Kamal Karki had been running a dairy business in Kalimpong for over a decade, not only selling his cheese, cottage cheese and ghee not only locally but also supplying these as far away as Kolkata. Then from June 8, his comfortable life with his wife and two children started to unravel.
As a strike over a renewed demand for Gorkhaland shut down the Darjeeling hills for 104 days, Karki’s stocks started to rot. He puts his losses at several lakh rupees. “My wife and I have thrown away the cheese and cottage cheese. I was worried how I would pay my daughter and son’s fees,” says Karki, 56.
While the strike was on, “there was the satisfaction that it is for a greater cause of Gorkhaland and a better future”, said Karki, 56. But when it was called off on September 27 without Gorkhaland and instead with a board similar to the Gorkhaland Territorial Administration (GTA), Karki — and many others — felt betrayed. Gorkha Janmukti Morcha (GJM) leaders Binay Tamang and Anit Thapa met West Bengal Chief Minister Mamata Banerjee, without GJM chief Bimal Gurung, and accepted a new GTA board.
With his stocks ruined, little cash at home, banks shut a long time and ATMs still empty, Karki paid five months’ school and hostel fees for his daughter, amounting to Rs 60,000. “The dues had to be cleared on the first day of school. I had to go to Siliguri to withdraw my little savings from an ATM there, and I borrowed some from a cousin,” says Karki, whose daughter is in class XI at St Joseph’s Convent.
Unlike Karki, Nirmal Rai could not even withdraw from an ATM, his salary having not been credited for more than four months.
“We are in service, dependent on salary. Imagine living four months without it. There is still no clarity even in October if we will get paid. Along with a few others, I requested schools to give us some time to pay the fees, but they didn’t agree. It is understandable, for they too have to pay their teachers,” says Rai, who works at the sericulture office in a village in Kalimpong.
Thousands of teachers in government and private schools remain without salary. Robert Lepcha, 67, a retired teacher, has been calling up the bank everyday to find out about his pension.
Rai’s wife, meanwhile, reminds him of a recurring deposit they have not paid for four months. “I am told now that we have to pay a penalty for the months we have not paid. Now who will give us this extra money? The leaders have sold themselves and accepted money, but what about the common man?” Rai says.
A little distance from Rai’s home lives Kailash Tamang, a taxi driver. He owns a Scorpio and runs it on a daily service between Kalimpong and Siliguri. He had bought the car only a month before the hills went on strike. His car insurance has lapsed and he is worried about getting a notice.
“From the daily service earnings, I would have set aside the money to be paid on insurance. When the car remained parked at home for 104 days, how am I supposed to pay? Even after the strike ended, there is this constant fear that we will get caught by police in Siliguri for not having all the car documents,” says Tamang, the sole earning member of a family that includes his wife, his parents and a young son.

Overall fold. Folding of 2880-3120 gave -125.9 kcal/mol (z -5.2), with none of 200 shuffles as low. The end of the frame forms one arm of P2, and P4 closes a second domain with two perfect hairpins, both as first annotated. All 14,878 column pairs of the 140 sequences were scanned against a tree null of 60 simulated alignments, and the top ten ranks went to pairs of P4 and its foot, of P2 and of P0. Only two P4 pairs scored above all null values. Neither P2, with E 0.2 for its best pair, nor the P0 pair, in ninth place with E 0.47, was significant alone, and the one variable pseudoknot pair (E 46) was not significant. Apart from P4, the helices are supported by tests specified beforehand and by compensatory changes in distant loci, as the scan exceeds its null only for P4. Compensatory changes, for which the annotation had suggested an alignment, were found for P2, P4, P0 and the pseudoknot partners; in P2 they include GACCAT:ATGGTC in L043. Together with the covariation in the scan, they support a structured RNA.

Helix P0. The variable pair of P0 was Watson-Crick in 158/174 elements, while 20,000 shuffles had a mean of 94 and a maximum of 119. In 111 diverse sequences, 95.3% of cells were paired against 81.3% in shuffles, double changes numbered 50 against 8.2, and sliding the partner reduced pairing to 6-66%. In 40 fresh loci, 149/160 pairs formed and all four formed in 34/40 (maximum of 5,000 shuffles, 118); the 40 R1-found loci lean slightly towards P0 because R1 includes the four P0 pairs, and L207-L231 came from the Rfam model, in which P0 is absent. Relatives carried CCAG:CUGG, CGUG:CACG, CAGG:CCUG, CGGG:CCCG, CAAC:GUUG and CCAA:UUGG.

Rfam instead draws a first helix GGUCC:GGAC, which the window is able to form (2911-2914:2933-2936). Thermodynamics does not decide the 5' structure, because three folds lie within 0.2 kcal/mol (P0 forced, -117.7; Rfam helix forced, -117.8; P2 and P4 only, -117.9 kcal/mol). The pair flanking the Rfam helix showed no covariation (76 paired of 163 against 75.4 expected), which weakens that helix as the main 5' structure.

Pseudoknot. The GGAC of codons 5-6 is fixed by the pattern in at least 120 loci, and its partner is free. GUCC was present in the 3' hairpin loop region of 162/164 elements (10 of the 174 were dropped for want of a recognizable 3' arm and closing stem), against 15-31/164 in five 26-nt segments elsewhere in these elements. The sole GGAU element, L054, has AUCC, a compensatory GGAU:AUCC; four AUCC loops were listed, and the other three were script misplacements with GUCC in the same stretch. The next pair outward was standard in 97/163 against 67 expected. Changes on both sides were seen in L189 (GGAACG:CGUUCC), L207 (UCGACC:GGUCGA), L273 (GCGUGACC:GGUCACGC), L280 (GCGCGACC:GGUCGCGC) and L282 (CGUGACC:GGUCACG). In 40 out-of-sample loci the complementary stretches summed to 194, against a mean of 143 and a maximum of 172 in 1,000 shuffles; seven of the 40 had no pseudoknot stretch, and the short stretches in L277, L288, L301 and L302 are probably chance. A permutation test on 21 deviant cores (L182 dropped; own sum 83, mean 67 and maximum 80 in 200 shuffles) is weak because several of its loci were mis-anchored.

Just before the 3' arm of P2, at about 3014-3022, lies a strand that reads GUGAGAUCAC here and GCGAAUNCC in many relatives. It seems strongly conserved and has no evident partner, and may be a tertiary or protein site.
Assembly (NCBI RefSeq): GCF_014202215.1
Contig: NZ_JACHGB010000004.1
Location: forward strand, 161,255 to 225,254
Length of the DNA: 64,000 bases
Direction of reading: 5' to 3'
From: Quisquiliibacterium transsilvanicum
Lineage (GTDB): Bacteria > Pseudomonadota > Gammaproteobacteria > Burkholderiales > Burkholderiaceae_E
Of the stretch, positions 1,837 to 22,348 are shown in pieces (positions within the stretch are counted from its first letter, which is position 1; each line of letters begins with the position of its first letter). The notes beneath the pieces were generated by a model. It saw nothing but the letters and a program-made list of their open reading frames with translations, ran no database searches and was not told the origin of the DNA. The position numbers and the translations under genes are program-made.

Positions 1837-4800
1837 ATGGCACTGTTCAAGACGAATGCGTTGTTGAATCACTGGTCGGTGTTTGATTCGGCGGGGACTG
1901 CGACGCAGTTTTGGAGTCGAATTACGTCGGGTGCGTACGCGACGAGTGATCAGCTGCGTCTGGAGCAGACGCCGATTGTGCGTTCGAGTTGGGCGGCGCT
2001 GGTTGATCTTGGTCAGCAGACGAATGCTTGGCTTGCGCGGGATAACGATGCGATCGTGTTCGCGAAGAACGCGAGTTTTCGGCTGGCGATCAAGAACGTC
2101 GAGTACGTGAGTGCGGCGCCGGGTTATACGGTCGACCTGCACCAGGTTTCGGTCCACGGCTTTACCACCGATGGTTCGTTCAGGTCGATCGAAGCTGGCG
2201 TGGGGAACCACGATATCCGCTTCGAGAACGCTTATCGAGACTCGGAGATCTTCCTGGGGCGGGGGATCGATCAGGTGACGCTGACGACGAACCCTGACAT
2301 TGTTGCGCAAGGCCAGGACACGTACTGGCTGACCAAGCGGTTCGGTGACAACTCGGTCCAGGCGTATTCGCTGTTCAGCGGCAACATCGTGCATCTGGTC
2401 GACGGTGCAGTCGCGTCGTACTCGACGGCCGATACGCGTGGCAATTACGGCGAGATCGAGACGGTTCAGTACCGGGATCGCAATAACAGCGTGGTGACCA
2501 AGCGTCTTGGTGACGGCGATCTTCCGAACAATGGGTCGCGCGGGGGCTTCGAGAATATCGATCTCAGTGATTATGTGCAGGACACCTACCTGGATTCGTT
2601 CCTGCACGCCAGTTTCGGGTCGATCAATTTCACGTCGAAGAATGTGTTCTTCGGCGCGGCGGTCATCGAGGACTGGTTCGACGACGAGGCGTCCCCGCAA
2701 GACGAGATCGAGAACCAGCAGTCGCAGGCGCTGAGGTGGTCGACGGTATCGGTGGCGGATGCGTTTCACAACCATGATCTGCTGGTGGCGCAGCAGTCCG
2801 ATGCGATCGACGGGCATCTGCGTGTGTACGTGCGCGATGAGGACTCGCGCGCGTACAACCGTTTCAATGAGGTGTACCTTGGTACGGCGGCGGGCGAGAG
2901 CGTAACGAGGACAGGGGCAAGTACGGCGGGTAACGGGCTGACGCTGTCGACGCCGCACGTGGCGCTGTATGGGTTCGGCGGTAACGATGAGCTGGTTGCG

“During these months, we would normally have been called by hotels to cater to tourists. This time there is nothing. Now I wonder, why did we sacrifice these 104 days?” says Tamang, 33.
What has taken a hit, additionally, is the business of fireball chillies, popularly called dalle. August-September being the season for dalle to ripen and sold, people who grow them had to watch it rot. Manu Thapa says she must have thrown away 30-40 kg dalle, which she earlier supplied to Gangtok, Siliguri and farther.
“Last year, for 1 kg we were getting Rs 100 to 150, now the rates are as low as Rs 60,” says Thapa, whose daughter will appear for class XII board exams next year from a government school 20 km away. With four months of studies lost, Thapa wonders how he can afford the tuition she might need.
School administrations, for their part, are worried about covering the syllabus. “Even before the first term began, the schools had to be closed. We are under great pressure now,” says Sabitri Chettri, principal of a government school in Kalimpong.
Schools are an important part of the hills’ economy, with the reputable ones drawing students from as far away as Nepal and Bhutan. Principals tell The Indian Express some students have withdrawn, and they fear fewer students will come back next year.
Colleges of the hills, all affiliated to North Bengal University based in Siliguri, have their own worries. “The university will expect us to follow their calendar and will not make any special provisions for our hill students. With classes not held, our students are going to suffer hugely. Those who could afford it took tuition in Siliguri, but the majority cannot,” says a professor at Kuresong Government College.
For many students, the first day in college came only after the strike was lifted. “Who is going to compensate for the time we have lost? We are back to the same day from where we started. It is such a shame that our leaders accepted GTA again,” says Palzor Bhutia, a first-year English honours student at Kalimpong Government College.
For traders, the worry stems from an exodus of labour during the strike. “For lifting and transporting, we do not get any labour now. Most of those who come from Nepal to work as porters have gone back,” says Sanjay Prasad, who has a clothes shop in Kalimpong.
He is still reluctant to bring fresh stocks. “Anything can happen. There are rumours that the strike might resume as Bimal Gurung has been sidelined. In this silence from Gurung, we cannot say what the situation will turn to,” Prasad says.